Pregnant mothers' exposure to strong electromagnetic fields may increase the risk of developing asthma for their baby according a new study conducted by US researchers.
Many studies in the past have shown that long exposure to electromagnetic fields can be harmful and dangerous to human health. Children whose mothers had a fair amount of exposure had a 74 percent higher risk, compared with a group that had less contact to certain electronic devices, according to research in the Archives of Pediatrics and Adolescent Medicine published today.
The study is the first to find a link between exposure to magnetic fields during pregnancy and asthma in children, lead study author De-Kun Li said. Li is a senior research scientist as well as reproductive and perinatal epidemiologist at the Kaiser Permanente in Oakland, California.
Li designed a so-called prospective study in which 801 pregnant women wore monitors that measured their exposure to magnetic fields for 24 hours.
These monitors measured their exposure to low-frequency magnetic fields from electronics such as microwave ovens, vacuum cleaners, hair dryers, coffee grinders, fans, fluorescent lights and electric blankets that are used at average household. However, it did not measure the exposure to higher frequency electromagnetic fields produced by cellphones or cellphone towers.
The researchers then followed the children from these women for 13 years using electronic medical records to see which ones developed asthma. After all, 130 children, or 20.8 percent of study participants, developed asthma and majority were diagnosed by 5 years old.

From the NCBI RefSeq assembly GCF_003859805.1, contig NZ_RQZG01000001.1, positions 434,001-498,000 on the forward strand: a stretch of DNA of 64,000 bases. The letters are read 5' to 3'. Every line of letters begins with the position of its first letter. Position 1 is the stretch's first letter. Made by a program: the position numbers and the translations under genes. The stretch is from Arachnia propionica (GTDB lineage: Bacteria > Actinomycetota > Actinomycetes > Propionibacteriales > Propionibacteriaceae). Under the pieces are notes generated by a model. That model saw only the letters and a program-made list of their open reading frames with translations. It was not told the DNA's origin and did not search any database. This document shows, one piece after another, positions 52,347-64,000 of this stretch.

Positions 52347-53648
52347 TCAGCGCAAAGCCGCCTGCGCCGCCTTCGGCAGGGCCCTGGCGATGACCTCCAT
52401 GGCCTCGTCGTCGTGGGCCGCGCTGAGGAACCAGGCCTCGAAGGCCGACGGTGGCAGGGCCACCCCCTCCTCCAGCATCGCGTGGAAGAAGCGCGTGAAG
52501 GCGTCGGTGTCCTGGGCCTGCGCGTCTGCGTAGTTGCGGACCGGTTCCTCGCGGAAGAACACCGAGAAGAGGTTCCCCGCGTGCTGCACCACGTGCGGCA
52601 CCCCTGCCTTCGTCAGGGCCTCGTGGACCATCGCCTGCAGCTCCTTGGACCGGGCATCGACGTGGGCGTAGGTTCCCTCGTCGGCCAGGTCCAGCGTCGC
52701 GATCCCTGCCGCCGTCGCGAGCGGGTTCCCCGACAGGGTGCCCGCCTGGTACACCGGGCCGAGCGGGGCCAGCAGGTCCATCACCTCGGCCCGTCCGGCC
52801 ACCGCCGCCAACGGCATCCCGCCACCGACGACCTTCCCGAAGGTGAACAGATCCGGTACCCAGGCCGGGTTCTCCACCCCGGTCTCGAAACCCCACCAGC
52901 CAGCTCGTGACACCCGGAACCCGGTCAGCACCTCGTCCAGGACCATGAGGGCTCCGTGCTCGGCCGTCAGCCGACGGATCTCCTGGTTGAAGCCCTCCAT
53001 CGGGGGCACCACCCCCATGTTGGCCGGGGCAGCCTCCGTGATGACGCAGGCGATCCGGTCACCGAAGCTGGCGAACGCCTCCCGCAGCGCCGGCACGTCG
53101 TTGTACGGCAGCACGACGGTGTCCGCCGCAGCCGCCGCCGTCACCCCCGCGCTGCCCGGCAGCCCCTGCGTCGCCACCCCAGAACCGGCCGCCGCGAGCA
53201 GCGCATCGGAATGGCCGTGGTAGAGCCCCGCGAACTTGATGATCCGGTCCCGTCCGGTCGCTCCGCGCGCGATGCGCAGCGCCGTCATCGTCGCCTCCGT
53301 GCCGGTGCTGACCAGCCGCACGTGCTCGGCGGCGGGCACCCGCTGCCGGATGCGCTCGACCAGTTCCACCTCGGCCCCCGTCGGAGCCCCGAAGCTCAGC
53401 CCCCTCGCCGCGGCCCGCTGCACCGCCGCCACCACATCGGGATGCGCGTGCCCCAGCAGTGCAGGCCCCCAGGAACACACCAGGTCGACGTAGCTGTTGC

The author said he is not sure how exposure to these man-made magnetic fields during pregnancy can cause asthma in children but he said there are several possibilities.
Magnetic fields may affect the immune system and response of the unborn child or they could hinder cell communication while the fetus is developing. Asthma is the most common chronic condition in U.S. children, affecting about 13 percent of those younger than age of 18, or 9.4 million U.S. children.
Li said the result of the study offers a strong reason for studying how magnetic fields may affect humans. "This really needs to be studied," Li said.
However, he also mentioned that his discoveries should be replicated by other researchers.
He gave a tip for reducing exposure to electromagnetic fields.
"The problem with EMF is that you can't see, smell it, you can't touch it," he said. "The great thing about EMF is that distance really helps,"
"When you turn the microwave on, don't stand right next to it. Try to, when you use a hair dryer, try to use it far away from your tummy as much as you can."
Overall, about 13 percent of U.S. people younger than age of 19, or 9.4 million U.S children have asthma, according to the study, while prevalence has risen 74 percent from 1980 to 1996.
The study was published online in the Archives of Pediatrics and Adolescent Medicine.